I read something the other day about how sometimes you meet people that are traveling the same path as you. Most times, they aren’t in the exact same place, a little further ahead or just a tad behind. The people who are further along, they’re the ones that nudge you when you want to give up, assure you that it IS possible to continue, that it DOES get better, that you ARE brave enough, strong enough. Then there are the people behind you, who started the journey a little later on. People who, sometimes, look a lot like the me that existed before. How it’s our responsibility to help them along, as someone further up the road so graciously did for us. And that’s how the world becomes a better place, all of us working in harmony, traveling parallel paths, pulling and pushing and moving each other along.

I love this idea. Because often we tend to focus on just the Before and the After. No magazine ever has featured a cover girl that was two pounds down towards a goal of 50. But to me, the two pounds is the important part. It’s the in-between that makes up the substance of our lives. It’s in the in-between where we realize we’re actually tired of being hairy caterpillars, that we were born to be butterflies and if that means holing up in a cocoon to make it actually happen, then damnit, that’s what we’re going to do.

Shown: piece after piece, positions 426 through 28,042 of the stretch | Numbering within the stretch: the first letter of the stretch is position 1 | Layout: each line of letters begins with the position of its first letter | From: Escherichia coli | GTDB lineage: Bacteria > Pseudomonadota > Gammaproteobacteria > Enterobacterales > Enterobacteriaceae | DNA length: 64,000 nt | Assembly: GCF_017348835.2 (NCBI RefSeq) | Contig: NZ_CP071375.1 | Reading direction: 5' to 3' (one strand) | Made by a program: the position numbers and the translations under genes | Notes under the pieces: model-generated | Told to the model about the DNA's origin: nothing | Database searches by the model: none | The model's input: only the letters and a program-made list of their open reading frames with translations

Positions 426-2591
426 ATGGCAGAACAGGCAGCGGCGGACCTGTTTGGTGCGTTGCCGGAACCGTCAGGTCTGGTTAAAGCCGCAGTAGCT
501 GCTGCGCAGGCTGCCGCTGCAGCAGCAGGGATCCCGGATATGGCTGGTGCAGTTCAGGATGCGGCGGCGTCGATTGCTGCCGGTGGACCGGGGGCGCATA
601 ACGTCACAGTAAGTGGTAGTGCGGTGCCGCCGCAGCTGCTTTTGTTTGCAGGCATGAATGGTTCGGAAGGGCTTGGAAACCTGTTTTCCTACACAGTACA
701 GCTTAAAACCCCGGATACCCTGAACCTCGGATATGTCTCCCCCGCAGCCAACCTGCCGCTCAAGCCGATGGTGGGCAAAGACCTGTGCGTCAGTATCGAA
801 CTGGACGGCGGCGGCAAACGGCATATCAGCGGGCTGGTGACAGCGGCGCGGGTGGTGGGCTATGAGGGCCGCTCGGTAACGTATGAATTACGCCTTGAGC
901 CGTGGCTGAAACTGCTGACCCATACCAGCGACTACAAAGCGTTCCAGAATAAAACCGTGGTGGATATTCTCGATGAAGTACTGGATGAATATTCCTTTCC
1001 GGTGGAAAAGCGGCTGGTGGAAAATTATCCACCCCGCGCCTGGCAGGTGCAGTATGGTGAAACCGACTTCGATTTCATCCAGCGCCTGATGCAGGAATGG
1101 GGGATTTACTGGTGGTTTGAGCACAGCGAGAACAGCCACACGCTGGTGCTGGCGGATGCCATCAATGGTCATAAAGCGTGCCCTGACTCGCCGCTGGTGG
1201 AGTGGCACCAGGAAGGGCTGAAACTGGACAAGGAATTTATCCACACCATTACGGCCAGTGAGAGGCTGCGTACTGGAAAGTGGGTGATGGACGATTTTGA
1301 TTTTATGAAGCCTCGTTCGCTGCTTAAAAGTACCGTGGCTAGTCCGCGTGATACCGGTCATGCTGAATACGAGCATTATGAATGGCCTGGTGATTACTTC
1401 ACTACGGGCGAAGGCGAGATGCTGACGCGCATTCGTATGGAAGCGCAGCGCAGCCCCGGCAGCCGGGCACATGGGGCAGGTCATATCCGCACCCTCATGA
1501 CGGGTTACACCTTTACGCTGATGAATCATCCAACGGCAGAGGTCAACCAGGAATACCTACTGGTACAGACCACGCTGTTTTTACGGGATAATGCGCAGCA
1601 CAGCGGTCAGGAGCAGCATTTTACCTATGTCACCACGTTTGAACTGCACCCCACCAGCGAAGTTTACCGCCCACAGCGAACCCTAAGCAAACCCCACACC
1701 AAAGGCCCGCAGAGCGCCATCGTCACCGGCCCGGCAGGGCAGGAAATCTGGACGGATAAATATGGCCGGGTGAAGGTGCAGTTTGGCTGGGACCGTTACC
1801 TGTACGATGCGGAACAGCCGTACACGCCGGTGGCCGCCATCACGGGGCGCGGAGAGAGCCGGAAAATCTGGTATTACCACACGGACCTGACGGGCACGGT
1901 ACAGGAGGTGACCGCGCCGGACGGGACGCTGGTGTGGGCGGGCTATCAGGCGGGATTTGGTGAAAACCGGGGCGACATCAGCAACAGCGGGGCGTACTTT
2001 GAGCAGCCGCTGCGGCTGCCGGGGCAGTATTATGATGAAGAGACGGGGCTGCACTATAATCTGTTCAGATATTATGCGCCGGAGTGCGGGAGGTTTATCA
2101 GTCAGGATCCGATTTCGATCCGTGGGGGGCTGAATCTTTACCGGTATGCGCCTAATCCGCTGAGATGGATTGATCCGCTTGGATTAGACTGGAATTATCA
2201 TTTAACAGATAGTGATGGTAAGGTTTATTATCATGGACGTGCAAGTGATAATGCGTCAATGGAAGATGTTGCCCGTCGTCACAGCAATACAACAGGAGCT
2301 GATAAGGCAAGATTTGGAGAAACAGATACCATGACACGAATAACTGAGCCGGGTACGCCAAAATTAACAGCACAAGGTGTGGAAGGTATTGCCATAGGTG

As I reflect on the last year, on the in-between, I realize more fully how significant the journey part of my journey has been. The people that pulled and pushed. The coworker that let me openly cry in her cube on too many occasions to count. The mother that stopped her life for me to heal. The sister who patiently let me grieve on her shoulder and then bought me divorce dresses to wear as I reentered the land of the living (and social). The first ex-wife, who in a serendipitous turn of events, became a source of healing like no other and an amazingly dear friend. The girls (now fully grown women, walking and strutting their own paths) of my high school who constantly remind me their support didn’t end just because my treatment did. I had the awesome opportunity on my recent trip to New Orleans to thank just a few of them in person. I can’t express enough how much they pushed/pulled/dragged me in ways that literally saved me life. And how much I love them for it.

And I’ve got to do some pulling myself as part of my in-between. Although seeing other people in pain is a horrible thing, in many ways it’s been incredible to be able to say, “You’re going to be OK,” and know that they believe you. You’ve got the battle scars to prove it. And it’s amazingly therapeutic too; to be able to pay forward just a smidgen of the in-between pulling you’ve received.